This does not mean that the most expensive conveyancer will automatically be the best. Rather you should carefully evaluate whether or not taking the cheapest option is really worth the saving.

How much should online conveyancing cost?

Generally conveyancing fees are likely to be between £600 and £2,000.

Usually conveyancing fees for buying a property are more expensive than for selling - and of course, if you're buying and selling at the same time, the conveyancer's fee will reflect that. If you're buying a property, you'll also have to take into account the cost of Stamp Duty Land Tax.

When you receive quotes from conveyancers, you should expect to see two sections: the 'basic fee' and the 'disbursements'.

Disbursements are all the upfront costs that a conveyancer will pay on your behalf to get the conveyancing process going. These will be things like local authority searches, and Land Registry title checks. You should expect the price for 'disbursements' on each quote to be about the same for every conveyancer.

The basic fee is likely to differ from firm to firm. This will depend upon a range of things including: a firm's expertise, reputation, and the number of cases they take on at a time.

Some firms have tricks to make their prices look cheaper. For example, they might not include disbursements in their conveyancing quote, or they might suggest that some of their services are 'add-ons' that come with extra charges. Be wary of any firm that does this.

Read more about the cost of disbursements here.

When you request quotes for comparison, ask the conveyancer to detail all the potential costs that could come up - including these upfront disbursement costs. If a quote comes back significantly lower than all the others (or less than about £600) this should cause alarm bells to ring.

Top Tip: We'd always recommend going with a fixed-fee conveyancer (rather than a pay-per-hour conveyancing firm).

Why are online conveyancers cheaper than local conveyancers?

There are two main reasons why online conveyancing firms are cheaper than local ones. Firstly: they have different running costs. Secondly: online conveyancers take on more transactions to compensate for the lower price.

Local conveyancers are required to maintain an office presence - usually on the local high street. This will need to have enough capacity for face-to-face meetings, and there will be enough licensed conveyancers that each homemover they work with has a personal point of contact.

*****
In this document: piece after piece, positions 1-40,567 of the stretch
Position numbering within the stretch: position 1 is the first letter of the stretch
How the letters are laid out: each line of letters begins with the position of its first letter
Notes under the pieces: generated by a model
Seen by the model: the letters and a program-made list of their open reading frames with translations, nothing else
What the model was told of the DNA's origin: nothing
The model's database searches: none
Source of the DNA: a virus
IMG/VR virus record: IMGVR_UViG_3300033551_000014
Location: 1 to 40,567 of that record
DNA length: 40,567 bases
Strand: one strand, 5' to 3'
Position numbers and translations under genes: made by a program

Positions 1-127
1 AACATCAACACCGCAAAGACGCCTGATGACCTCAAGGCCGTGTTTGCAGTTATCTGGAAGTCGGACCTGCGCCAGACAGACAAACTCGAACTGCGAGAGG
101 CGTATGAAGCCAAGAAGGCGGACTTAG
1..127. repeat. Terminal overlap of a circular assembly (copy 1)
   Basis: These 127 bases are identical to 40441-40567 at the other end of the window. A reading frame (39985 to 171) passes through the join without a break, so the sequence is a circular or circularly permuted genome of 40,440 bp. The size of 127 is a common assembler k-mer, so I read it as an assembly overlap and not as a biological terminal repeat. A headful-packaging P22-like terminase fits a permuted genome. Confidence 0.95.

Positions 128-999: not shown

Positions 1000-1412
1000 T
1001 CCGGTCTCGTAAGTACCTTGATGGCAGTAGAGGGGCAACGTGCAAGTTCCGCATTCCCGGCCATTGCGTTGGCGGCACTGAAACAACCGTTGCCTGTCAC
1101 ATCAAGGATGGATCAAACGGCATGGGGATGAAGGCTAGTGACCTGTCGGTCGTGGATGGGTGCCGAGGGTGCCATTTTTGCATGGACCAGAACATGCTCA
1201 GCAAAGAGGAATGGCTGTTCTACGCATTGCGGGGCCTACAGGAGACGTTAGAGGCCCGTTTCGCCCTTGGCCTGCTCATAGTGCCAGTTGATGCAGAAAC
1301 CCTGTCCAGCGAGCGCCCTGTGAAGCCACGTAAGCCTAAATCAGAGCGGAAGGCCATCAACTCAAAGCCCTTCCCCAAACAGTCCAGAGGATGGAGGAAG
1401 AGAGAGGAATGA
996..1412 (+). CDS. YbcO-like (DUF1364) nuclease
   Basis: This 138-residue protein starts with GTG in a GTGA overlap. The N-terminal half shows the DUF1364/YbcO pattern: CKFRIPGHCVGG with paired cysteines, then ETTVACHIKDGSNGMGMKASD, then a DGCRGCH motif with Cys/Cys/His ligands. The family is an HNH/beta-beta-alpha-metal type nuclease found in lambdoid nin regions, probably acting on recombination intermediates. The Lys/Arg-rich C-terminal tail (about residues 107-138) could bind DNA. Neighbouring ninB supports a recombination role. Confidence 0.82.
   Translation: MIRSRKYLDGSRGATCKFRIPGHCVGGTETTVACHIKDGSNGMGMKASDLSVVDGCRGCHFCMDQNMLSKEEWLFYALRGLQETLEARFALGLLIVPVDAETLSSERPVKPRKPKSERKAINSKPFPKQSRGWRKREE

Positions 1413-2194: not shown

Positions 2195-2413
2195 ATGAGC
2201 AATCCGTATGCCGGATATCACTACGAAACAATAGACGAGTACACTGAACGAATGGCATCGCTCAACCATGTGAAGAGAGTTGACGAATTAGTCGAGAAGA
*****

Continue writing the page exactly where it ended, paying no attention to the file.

In contrast, online conveyancers don't need a local presence or meeting spaces. They're able to set up in areas where offices are cheaper. Online conveyancers also tend to hire more junior and administrative staff to take on the bulk of the leg work, so that it can be given a final check over by a licensed solicitor.

Things to consider when picking a conveyancer

  • Should I use a conveyancer or a solicitor?

You can use either a 'conveyancer' or a 'solicitor' as your legal representative during a property sale. A licensed conveyancer is a lawyer that only works on property law. A solicitor is a more general legal professional - they can be useful if your property transaction involves other legal elements, such as a divorce.

If you decide to use a solicitor, rather than a conveyancer, make sure that the firm has expertise in residential conveyancing, or at least has a specialist conveyancing department.

  • Are they regulated?

Before you decide to work with a conveyancing firm - online or local - make sure they are regulated by a proper authority. This could be the Council for Licensed Conveyancers (CLC), the Solicitors Regulation Authority (SRA), or the Law Society of Scotland (LSS). Working with a regulated conveyancer or solicitor ensures you're working with someone legitimately qualified, and committed to following particular rules of conduct. Regulatory authorities also provide you protection if anything goes wrong, by giving you a place to escalate complaints.

  • Do they have indemnity insurance?

Licensed conveyancers and solicitors are required to have professional negligence insurance in place. This covers the cost of legal action in the unlikely instance that anything goes wrong.

  • Are they on your lender's ‘approved’ panel?

Mortgage lenders usually have a list of 'approved' conveyancers that they work with. This is a precautionary measure, to reduce the risk to the lender, and ensures they get all the information they need about a property before committing to a loan. Unfortunately, if you choose to work with a conveyancing solicitor that's not on your lender's approved panel, they will instruct their own solicitor - which you will have to pay for. Not only will this be more expensive for you, the logistics of having another lawyer working on the transaction means it'll likely take longer too.

  • How important is local knowledge for a conveyancer?

In many straightforward cases, local knowledge is a useful but inessential asset. Most of the local information a conveyancer might need will be found in the local authority searches. However, if your case is a little more complex - for example there are specific border disputes or unusual local searches, a clued up local conveyancer will make the process much easier.

  • You’re not the only person who’ll have to deal with the conveyancer

Whether you're buying or selling, it's important to remember that there's another person involved in your property transaction. Your conveyancer is your representative, and if they are slow, disorganised, or need constant chasing, this will also impact the other side.

There are a number of buyers who have reported being frustrated by sellers using online solicitors for their lack of communication and speed. One user on MoneySavingExpert stated: ‘For us the experience was bad enough that if a vendor intended to use an online conveyancer, they would have to change as part of the deal.’

Bear this in mind when deciding between which conveyancer to work with.